How to format your references using the Trends in Molecular Medicine citation style

This is a short guide how to format citations and the bibliography in a manuscript for Trends in Molecular Medicine. For a complete guide how to prepare your manuscript refer to the journal's instructions to authors.

Using reference management software

Typically you don't format your citations and bibliography by hand. The easiest way is to use a reference manager:

PaperpileThe citation style is built in and you can choose it in Settings > Citation Style or Paperpile > Citation Style in Google Docs.
EndNoteDownload the output style file
Mendeley, Zotero, Papers, and othersThe style is either built in or you can download a CSL file that is supported by most references management programs.
BibTeXBibTeX syles are usually part of a LaTeX template. Check the instructions to authors if the publisher offers a LaTeX template for this journal.

Journal articles

Those examples are references to articles in scholarly journals and how they are supposed to appear in your bibliography.

Not all journals organize their published articles in volumes and issues, so these fields are optional. Some electronic journals do not provide a page range, but instead list an article identifier. In a case like this it's safe to use the article identifier instead of the page range.

A journal article with 1 author
1
Burns, L.D. (2013) Sustainable mobility: A vision of our transport future. Nature 497, 181–182
A journal article with 2 authors
1
Belloc, E. and Méndez, R. (2008) A deadenylation negative feedback mechanism governs meiotic metaphase arrest. Nature 452, 1017–1021
A journal article with 3 authors
1
Kah, L.C. et al. (2004) Low marine sulphate and protracted oxygenation of the Proterozoic biosphere. Nature 431, 834–838
A journal article with 3 or more authors
1
Kimel, A.V. et al. (2005) Ultrafast non-thermal control of magnetization by instantaneous photomagnetic pulses. Nature 435, 655–657

Books and book chapters

Here are examples of references for authored and edited books as well as book chapters.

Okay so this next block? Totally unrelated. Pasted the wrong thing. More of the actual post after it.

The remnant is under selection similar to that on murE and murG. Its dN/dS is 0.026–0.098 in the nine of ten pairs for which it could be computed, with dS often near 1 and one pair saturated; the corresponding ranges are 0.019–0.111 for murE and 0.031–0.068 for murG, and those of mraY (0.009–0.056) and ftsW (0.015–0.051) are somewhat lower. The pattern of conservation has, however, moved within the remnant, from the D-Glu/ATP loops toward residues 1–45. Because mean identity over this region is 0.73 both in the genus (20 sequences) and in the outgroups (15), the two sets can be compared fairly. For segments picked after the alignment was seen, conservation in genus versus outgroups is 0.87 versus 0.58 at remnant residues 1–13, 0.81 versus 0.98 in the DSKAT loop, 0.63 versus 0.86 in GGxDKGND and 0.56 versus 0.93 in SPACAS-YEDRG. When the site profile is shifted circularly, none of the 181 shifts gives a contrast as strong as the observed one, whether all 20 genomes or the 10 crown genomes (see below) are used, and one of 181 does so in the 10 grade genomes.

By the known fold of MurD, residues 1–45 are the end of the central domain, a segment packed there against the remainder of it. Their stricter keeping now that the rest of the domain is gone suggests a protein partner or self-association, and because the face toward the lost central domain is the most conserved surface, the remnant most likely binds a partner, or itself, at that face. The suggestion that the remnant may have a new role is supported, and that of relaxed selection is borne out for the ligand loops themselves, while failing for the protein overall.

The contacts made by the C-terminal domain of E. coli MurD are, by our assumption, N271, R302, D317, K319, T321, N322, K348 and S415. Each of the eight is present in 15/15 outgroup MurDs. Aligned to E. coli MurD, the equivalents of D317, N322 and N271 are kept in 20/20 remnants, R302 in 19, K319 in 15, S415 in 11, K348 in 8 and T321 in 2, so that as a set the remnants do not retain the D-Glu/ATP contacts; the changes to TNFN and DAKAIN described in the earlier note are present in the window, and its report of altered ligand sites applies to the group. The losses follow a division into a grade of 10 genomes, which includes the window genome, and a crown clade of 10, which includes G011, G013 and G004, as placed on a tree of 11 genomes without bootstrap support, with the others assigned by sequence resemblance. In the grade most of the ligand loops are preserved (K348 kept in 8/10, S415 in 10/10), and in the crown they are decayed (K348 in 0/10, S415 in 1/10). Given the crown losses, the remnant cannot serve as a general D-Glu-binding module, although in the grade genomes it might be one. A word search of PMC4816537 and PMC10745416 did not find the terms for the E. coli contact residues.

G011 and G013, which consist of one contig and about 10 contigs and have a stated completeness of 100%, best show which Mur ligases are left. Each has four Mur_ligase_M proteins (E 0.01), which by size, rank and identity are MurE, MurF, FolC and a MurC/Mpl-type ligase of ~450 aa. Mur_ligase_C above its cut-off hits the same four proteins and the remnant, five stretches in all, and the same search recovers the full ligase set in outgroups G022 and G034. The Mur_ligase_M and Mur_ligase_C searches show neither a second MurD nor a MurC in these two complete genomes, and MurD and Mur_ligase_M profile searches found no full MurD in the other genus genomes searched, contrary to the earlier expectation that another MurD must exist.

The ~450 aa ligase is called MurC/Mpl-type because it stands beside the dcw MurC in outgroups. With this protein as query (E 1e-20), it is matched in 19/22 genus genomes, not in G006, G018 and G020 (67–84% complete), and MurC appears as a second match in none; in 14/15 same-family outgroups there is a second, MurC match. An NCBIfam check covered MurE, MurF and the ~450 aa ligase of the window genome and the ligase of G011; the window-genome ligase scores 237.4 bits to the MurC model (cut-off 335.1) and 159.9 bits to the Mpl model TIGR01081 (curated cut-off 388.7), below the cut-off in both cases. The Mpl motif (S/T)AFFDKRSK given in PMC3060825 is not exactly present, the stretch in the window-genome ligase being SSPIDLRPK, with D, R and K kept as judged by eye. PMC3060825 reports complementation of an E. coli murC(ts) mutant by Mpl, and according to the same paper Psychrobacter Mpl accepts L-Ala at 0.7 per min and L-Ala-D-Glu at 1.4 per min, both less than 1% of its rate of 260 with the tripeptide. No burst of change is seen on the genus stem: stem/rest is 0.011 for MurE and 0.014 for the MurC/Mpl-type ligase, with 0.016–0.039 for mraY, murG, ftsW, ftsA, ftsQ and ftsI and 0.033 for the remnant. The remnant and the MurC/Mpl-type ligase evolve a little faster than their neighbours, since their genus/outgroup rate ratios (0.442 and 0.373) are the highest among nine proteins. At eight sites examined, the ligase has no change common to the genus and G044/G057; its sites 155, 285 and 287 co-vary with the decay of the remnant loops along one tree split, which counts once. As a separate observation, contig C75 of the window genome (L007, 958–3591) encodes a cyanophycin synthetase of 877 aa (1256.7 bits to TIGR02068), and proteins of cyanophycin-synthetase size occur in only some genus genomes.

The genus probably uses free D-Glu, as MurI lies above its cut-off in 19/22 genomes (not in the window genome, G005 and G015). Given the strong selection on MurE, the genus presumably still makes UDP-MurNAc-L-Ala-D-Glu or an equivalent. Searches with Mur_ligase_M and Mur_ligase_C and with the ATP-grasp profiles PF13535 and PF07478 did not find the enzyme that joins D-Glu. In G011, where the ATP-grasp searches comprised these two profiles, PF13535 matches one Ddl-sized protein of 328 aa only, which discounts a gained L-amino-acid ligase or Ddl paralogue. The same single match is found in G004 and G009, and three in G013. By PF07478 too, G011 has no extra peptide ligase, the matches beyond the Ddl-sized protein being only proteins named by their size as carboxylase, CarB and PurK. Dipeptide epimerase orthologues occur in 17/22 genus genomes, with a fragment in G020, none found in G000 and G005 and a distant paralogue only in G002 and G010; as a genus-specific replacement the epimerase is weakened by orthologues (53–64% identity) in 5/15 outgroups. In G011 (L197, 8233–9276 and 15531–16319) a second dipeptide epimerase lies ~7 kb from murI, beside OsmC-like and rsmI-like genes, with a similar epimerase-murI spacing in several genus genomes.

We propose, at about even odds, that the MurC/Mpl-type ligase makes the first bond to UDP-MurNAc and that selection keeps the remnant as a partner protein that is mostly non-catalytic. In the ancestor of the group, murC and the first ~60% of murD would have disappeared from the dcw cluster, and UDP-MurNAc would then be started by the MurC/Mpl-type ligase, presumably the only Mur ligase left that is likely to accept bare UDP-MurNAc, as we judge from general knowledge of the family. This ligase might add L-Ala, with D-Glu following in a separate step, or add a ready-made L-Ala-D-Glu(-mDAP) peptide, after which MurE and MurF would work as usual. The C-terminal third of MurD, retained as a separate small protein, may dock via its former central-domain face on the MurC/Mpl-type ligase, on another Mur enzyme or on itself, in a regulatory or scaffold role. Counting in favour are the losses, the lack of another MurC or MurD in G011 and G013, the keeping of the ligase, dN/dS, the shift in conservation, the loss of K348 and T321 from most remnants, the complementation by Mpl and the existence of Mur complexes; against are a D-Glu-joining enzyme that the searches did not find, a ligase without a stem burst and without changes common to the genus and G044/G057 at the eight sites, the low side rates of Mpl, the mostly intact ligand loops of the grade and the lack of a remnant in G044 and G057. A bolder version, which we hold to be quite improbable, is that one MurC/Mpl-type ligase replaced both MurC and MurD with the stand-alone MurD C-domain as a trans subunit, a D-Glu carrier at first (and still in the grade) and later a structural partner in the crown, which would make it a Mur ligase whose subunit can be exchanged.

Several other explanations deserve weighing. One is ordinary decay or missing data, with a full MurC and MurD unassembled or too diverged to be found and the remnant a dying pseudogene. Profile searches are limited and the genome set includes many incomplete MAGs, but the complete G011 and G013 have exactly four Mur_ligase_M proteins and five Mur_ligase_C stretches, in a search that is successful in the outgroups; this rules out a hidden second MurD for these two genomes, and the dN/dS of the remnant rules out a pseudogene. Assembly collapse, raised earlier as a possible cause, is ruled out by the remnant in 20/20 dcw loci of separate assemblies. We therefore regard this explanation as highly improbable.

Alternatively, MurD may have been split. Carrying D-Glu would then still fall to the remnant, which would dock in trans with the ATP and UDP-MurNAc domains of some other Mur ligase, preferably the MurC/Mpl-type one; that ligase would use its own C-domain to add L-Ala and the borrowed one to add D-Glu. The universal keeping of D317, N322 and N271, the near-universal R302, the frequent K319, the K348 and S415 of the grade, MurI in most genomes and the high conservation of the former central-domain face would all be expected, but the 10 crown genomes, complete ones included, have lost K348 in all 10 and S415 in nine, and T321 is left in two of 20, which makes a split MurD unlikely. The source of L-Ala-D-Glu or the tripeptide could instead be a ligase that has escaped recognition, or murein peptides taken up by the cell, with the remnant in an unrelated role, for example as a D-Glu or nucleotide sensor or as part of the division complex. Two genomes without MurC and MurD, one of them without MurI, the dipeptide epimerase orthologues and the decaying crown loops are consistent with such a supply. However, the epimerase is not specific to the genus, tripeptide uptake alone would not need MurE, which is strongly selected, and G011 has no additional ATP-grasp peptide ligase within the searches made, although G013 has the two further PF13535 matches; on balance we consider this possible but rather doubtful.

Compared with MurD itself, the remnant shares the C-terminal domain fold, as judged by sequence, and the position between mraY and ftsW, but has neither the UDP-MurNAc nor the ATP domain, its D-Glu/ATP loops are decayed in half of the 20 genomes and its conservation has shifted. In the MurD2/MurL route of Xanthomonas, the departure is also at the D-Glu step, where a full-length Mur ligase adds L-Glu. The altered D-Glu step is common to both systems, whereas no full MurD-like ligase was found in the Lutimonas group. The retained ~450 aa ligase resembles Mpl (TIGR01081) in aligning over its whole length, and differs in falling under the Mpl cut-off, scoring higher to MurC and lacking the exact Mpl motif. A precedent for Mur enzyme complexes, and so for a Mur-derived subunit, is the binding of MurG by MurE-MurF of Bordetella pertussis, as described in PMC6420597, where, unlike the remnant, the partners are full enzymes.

An authored book
1
Miller, M.A. (2005) Internet Technologies Handbook, John Wiley & Sons, Inc.
An edited book
1
Pawankar, R. et al., eds. (2009) Allergy Frontiers: Diagnosis and Health Economics, 4Springer Japan.
A chapter in an edited book
1
Thompson, H.J. et al. (2011) Energetics and Cancer: Exploring a Road Less Traveled. In Physical Activity, Dietary Calorie Restriction, and Cancer (McTiernan, A., ed), pp. 55–67, Springer

Web sites

Sometimes references to web sites should appear directly in the text rather than in the bibliography. Refer to the Instructions to authors for Trends in Molecular Medicine.

Blog post
1
Andrew, E. 28-Aug-(2015) , What Would Happen If You Dropped A Nuclear Bomb Into A Volcano? , IFLScience. [Online]. Available: https://www.iflscience.com/environment/what-would-happen-if-you-dropped-bomb-volcano/. [Accessed: 30-Oct-2018]

Reports

This example shows the general structure used for government reports, technical reports, and scientific reports. If you can't locate the report number then it might be better to cite the report as a book. For reports it is usually not individual people that are credited as authors, but a governmental department or agency like "U. S. Food and Drug Administration" or "National Cancer Institute".

Government report
1
Government Accountability Office (1991) Airline Competition: Industry Competitive and Financial Problems, U.S. Government Printing Office.

Theses and dissertations

Theses including Ph.D. dissertations, Master's theses or Bachelor theses follow the basic format outlined below.

Doctoral dissertation
1
Wright, C. (2010) , A quantitative study of retirement knowledge among Spring 2009 Arizona high school graduates. , Doctoral dissertation, University of Phoenix

News paper articles

Unlike scholarly journals, news papers do not usually have a volume and issue number. Instead, the full date and page number is required for a correct reference.

New York Times article
1
Philpott, M.L. 14-Jul-(2017) , My Adventures in Accountability. , New York Times, SR9

In-text citations

References should be cited in the text by sequential numbers in square brackets:

This sentence cites one reference [1].
This sentence cites two references [1,2].
This sentence cites four references [1–4].

About the journal

Full journal titleTrends in Molecular Medicine
AbbreviationTrends Mol. Med.
ISSN (print)1471-4914
ISSN (online)1471-499X
ScopeMolecular Biology
Molecular Medicine

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